Last Saturday in Tucson, Arizona, the National Walk for the Victims of Pit Bulls and Other Dangerous Dogs was held, a Walk to remember all those mauled and killed by these dogs. A victim's Walk of remembrance.
The month of October had been dubbed Pit Bull Awareness Month but the awareness should be around the victims of these canines. The Walk was a success, not only in attendance, but also in the amount of support received worldwide. Many people found strength from this Walk and are now requesting how to do one in their own communities.
Tamie Beitz-Williams was one of those in attendance, flying in from Canada to represent her son, Zach (pictured above), a victim of a pit bull attack. She writes below of what this Walk meant to her and her family.
On October 25, 2013, I boarded three planes that took me from my home in Canada to Tucson, Arizona, for the First Ever Walk for Victims of Pit Bulls and Other Dangerous Dogs. Leaving early that Thursday morning, I looked into the tear filled eyes of the boy I was doing the Walk for. This was the first time I had ever left my sone for more than a couple of days, and once I passed security and he couldn't see me, I cried too. But I knew, this Walk, for so many reasons was something I had to attend, and I hoped that when I returned he would have a better understanding of why I left him to join my friends and other victims in solidarity.
Saturday, October 27, the day of the Walk. Arriving at the park, we all started chatting and really getting to know one another. I made a poster with a photo of my son that the Walk organizer had supplied. (She had a stack of at least 100 victims.) I took the photo of my son, and gently glued it to a piece of cardboard, and with all my heart wrote "My Reason, My Hero, My Son" on that poster. That was just the beginning of what turned out to be an experience that cathartic doesn't quite begin to describe.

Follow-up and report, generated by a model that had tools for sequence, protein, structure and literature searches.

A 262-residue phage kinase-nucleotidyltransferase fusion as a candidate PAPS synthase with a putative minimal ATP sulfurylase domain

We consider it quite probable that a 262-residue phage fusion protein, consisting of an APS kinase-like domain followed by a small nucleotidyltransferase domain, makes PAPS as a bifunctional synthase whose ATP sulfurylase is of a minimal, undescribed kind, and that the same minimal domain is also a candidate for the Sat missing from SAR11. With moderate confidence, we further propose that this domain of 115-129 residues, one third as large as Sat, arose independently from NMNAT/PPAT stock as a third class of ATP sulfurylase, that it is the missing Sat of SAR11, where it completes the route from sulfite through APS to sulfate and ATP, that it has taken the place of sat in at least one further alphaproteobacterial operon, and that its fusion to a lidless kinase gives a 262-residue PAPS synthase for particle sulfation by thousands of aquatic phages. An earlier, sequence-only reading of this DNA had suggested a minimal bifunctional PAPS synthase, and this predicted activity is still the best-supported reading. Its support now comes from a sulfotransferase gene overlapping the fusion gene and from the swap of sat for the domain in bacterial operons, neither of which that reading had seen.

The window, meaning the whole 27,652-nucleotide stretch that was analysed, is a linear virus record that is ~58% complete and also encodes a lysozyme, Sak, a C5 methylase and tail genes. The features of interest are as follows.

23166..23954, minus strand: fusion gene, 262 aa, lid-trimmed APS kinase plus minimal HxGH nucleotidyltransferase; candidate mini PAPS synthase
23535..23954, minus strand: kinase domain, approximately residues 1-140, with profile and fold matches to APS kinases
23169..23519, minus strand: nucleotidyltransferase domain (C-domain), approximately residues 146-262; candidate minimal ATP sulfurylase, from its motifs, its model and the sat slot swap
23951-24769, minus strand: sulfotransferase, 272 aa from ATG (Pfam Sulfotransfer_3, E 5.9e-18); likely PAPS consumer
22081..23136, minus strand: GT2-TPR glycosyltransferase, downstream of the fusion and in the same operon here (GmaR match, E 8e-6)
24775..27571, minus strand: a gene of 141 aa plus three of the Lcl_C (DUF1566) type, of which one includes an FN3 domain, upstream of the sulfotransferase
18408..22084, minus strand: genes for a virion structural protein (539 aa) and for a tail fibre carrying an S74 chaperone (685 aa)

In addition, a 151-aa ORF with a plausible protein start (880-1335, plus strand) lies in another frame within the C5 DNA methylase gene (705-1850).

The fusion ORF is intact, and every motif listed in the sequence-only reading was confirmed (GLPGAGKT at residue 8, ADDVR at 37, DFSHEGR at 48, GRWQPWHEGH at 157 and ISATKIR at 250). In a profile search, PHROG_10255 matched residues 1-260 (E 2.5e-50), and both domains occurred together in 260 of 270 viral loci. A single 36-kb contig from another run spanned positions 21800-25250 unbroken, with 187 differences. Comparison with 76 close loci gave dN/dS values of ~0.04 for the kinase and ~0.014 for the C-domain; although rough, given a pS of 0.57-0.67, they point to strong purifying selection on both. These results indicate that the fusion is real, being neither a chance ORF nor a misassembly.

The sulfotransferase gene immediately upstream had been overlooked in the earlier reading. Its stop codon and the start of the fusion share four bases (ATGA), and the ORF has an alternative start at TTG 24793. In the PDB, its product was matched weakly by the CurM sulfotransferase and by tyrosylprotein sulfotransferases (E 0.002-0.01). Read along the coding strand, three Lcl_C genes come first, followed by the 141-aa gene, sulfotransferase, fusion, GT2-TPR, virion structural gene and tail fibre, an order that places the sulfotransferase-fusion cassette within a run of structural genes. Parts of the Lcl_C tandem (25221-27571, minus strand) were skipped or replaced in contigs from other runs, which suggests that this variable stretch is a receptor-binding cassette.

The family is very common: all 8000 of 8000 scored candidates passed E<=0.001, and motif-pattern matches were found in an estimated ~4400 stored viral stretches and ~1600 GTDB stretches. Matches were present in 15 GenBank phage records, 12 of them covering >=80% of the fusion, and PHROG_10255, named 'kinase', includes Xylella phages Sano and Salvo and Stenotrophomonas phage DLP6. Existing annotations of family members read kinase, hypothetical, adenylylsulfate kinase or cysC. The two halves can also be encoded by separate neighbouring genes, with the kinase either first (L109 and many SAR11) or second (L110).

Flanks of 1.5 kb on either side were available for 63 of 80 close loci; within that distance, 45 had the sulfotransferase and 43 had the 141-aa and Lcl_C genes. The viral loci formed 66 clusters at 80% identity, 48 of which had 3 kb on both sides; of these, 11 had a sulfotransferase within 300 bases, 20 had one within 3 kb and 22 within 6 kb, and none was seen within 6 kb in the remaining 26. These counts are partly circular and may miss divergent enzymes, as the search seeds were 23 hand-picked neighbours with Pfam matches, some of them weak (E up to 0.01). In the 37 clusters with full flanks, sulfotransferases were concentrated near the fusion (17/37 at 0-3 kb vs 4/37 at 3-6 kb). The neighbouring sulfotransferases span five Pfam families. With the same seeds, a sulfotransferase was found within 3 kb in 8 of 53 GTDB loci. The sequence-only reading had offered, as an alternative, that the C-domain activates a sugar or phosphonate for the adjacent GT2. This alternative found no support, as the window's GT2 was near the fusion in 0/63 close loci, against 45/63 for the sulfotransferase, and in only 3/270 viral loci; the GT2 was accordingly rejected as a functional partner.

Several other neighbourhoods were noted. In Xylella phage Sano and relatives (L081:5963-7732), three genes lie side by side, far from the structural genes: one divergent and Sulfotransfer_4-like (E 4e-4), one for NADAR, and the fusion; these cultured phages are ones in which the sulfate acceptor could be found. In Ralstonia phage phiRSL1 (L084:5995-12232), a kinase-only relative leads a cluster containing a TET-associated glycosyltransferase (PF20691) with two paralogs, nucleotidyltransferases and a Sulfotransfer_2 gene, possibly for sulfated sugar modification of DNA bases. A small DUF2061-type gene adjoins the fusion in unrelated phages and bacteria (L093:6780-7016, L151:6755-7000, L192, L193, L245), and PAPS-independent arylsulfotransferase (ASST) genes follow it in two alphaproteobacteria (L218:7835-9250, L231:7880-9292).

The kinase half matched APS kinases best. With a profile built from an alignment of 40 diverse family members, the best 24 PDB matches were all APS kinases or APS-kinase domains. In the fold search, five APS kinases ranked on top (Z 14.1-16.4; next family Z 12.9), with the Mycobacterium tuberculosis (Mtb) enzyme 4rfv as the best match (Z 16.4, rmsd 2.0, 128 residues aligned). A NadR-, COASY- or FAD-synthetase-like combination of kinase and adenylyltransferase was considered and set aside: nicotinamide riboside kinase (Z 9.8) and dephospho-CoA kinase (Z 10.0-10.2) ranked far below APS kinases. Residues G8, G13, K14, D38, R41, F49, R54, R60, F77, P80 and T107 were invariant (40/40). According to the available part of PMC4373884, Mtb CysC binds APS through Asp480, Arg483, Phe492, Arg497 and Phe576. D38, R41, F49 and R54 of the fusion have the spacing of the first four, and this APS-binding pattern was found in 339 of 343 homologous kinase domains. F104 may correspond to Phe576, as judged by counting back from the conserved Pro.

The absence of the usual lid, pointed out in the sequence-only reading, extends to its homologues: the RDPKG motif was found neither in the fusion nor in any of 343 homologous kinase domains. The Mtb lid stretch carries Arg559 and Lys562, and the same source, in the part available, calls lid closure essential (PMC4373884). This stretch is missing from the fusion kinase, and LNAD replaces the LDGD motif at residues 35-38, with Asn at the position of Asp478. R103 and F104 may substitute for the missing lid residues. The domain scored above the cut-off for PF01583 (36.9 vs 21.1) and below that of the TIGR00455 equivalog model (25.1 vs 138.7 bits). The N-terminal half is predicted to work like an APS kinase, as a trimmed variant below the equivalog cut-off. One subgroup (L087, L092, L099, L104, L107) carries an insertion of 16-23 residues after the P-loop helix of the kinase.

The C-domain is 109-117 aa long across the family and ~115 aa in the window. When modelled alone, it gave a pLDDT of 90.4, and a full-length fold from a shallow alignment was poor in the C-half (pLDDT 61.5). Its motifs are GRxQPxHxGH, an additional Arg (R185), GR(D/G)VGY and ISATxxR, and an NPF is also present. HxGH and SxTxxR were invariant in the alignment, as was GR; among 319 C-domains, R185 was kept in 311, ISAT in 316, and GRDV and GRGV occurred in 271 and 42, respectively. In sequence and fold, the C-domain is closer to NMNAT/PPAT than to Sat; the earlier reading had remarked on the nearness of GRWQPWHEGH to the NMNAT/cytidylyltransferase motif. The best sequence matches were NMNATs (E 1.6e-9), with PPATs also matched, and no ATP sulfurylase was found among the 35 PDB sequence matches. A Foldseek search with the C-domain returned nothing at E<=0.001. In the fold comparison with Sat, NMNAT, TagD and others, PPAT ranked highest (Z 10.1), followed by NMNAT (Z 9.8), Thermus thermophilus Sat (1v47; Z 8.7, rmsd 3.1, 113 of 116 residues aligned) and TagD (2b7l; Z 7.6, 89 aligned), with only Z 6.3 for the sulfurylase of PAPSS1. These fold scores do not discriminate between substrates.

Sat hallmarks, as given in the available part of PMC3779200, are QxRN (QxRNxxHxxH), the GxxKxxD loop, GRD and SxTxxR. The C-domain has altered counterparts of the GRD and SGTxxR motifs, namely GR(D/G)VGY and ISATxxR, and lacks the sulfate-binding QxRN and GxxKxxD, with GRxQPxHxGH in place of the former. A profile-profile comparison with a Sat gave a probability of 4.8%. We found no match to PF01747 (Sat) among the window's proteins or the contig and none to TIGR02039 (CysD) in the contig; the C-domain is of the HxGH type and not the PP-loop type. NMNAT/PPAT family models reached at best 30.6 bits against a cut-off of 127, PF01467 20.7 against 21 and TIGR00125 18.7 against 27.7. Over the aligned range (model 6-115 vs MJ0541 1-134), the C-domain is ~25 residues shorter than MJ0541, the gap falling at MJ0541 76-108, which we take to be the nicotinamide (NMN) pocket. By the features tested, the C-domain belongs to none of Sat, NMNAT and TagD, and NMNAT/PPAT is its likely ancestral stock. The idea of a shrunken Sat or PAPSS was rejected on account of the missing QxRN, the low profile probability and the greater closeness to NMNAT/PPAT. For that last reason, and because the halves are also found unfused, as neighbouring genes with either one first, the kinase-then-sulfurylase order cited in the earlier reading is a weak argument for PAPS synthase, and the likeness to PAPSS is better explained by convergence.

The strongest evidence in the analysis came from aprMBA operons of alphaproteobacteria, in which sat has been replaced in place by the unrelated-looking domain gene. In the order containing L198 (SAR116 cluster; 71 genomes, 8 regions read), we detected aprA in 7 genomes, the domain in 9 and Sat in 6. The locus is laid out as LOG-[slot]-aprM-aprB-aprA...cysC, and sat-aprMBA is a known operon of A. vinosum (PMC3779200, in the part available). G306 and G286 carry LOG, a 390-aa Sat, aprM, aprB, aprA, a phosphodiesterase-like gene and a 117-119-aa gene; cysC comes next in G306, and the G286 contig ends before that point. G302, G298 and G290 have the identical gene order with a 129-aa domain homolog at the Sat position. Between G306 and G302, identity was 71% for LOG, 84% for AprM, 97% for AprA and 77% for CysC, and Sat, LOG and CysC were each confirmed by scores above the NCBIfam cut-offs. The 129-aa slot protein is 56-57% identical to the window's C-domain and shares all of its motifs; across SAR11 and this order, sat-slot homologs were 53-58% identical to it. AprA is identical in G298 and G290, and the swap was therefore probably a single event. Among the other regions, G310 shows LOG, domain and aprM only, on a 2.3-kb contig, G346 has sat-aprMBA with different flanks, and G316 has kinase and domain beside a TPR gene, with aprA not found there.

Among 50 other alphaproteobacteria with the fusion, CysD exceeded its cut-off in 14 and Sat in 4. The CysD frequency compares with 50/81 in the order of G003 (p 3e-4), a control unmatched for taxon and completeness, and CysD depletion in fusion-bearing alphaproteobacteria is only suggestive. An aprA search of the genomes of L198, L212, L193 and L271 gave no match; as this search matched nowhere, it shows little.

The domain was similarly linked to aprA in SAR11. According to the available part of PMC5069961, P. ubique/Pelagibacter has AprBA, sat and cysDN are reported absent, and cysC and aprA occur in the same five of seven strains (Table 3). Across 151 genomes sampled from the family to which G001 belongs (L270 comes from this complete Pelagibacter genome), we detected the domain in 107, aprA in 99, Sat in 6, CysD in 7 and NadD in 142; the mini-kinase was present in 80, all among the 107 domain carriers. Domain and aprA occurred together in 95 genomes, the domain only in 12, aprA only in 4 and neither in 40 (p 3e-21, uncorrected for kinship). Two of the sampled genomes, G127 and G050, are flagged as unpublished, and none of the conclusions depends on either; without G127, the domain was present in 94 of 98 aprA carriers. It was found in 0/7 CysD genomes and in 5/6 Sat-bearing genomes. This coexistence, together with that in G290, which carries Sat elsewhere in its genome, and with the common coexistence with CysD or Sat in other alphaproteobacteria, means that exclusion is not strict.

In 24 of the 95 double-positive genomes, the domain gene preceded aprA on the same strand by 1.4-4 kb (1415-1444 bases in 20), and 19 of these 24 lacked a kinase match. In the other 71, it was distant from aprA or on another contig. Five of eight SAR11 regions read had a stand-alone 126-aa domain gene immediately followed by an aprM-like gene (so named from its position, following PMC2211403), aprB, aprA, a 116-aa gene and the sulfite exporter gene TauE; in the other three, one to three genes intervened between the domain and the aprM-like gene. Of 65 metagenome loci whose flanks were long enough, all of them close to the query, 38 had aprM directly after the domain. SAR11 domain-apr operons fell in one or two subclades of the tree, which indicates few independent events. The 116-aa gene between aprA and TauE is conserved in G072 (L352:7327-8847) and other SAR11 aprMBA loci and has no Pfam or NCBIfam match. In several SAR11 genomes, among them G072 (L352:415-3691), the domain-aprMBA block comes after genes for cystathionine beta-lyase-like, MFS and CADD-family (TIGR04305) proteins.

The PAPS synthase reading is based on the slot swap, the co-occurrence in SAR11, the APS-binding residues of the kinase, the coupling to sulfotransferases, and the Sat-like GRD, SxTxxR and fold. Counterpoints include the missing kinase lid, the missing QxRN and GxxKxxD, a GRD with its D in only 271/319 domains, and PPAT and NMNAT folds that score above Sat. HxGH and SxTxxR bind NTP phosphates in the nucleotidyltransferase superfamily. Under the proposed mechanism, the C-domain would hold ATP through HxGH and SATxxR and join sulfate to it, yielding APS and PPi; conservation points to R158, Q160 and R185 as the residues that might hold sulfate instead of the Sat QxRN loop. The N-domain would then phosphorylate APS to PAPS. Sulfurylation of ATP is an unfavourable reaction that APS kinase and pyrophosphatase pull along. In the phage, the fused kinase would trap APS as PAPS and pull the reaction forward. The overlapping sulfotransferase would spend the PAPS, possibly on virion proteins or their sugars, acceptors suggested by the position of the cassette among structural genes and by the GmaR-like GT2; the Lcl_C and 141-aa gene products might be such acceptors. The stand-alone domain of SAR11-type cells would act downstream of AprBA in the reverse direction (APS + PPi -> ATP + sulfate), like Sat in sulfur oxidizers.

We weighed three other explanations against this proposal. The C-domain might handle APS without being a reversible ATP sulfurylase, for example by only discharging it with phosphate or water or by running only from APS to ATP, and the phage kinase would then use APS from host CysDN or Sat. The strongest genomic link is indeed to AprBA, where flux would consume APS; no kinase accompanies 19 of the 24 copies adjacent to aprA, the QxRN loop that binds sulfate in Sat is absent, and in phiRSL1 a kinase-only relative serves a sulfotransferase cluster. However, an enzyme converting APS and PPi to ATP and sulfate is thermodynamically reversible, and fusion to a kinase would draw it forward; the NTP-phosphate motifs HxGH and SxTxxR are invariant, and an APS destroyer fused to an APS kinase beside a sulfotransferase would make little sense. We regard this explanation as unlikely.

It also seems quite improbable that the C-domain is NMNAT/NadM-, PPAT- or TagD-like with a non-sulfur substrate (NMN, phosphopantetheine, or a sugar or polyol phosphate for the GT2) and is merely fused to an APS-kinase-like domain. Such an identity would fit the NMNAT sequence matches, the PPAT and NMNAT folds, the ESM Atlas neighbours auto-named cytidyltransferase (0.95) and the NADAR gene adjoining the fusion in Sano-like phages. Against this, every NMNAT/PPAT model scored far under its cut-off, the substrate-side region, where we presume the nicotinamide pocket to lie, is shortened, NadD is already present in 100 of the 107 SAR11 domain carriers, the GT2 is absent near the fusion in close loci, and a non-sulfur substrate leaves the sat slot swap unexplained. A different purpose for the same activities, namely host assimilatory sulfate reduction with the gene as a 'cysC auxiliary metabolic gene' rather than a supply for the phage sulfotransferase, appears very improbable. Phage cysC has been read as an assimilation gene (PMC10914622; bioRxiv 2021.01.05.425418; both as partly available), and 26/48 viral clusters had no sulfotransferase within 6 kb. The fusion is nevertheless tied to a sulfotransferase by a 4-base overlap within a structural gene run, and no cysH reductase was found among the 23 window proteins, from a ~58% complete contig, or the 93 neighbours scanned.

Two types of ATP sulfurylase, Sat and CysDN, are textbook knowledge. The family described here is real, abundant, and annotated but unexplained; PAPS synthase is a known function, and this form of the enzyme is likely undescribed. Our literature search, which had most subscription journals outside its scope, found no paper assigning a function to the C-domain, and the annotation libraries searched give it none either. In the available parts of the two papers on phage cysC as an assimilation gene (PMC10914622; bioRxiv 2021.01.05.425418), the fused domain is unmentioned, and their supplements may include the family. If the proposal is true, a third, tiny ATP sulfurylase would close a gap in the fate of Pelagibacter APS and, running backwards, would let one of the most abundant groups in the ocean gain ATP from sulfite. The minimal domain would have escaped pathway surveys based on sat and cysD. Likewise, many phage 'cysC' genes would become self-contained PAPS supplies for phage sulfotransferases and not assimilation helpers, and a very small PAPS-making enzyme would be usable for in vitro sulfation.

Being with all those people, people who understood, really and deeply understood the impact of a literal and figurative attack helped heal my soul. None of them judged my little boy or blamed him for what happened, they just presented their shoulder as a place to lay my head. And once I did that, I allowed one more wash of sorrow to go through me, and when it had subsided, I came out the other side with a much lighter feeling soul. Speaking to other fathers of victims helped me understand the weight on my husband on the night of our son's attack, and talking with other mothers helped me to realize how all this must have felt to my daughter.
I also spoke with a girl whose face was "degloved" by a pit bull. She is almost my age, and spoke about how she believes her attack was likely more mentally difficult for her mother than it was for her. That helped validate all the feelings I have had through the 14 months since my son was attacked. It's okay for me to be angry and sad. It's okay for me to feel the weight of how unjust the attack on him was, and how unjust the lack of justice for has been. Without the Walk for Victims, I may not have had the closure I feel I have now. That is why events like this one are so important. They help heal the deepest, darkest parts of our hurt souls.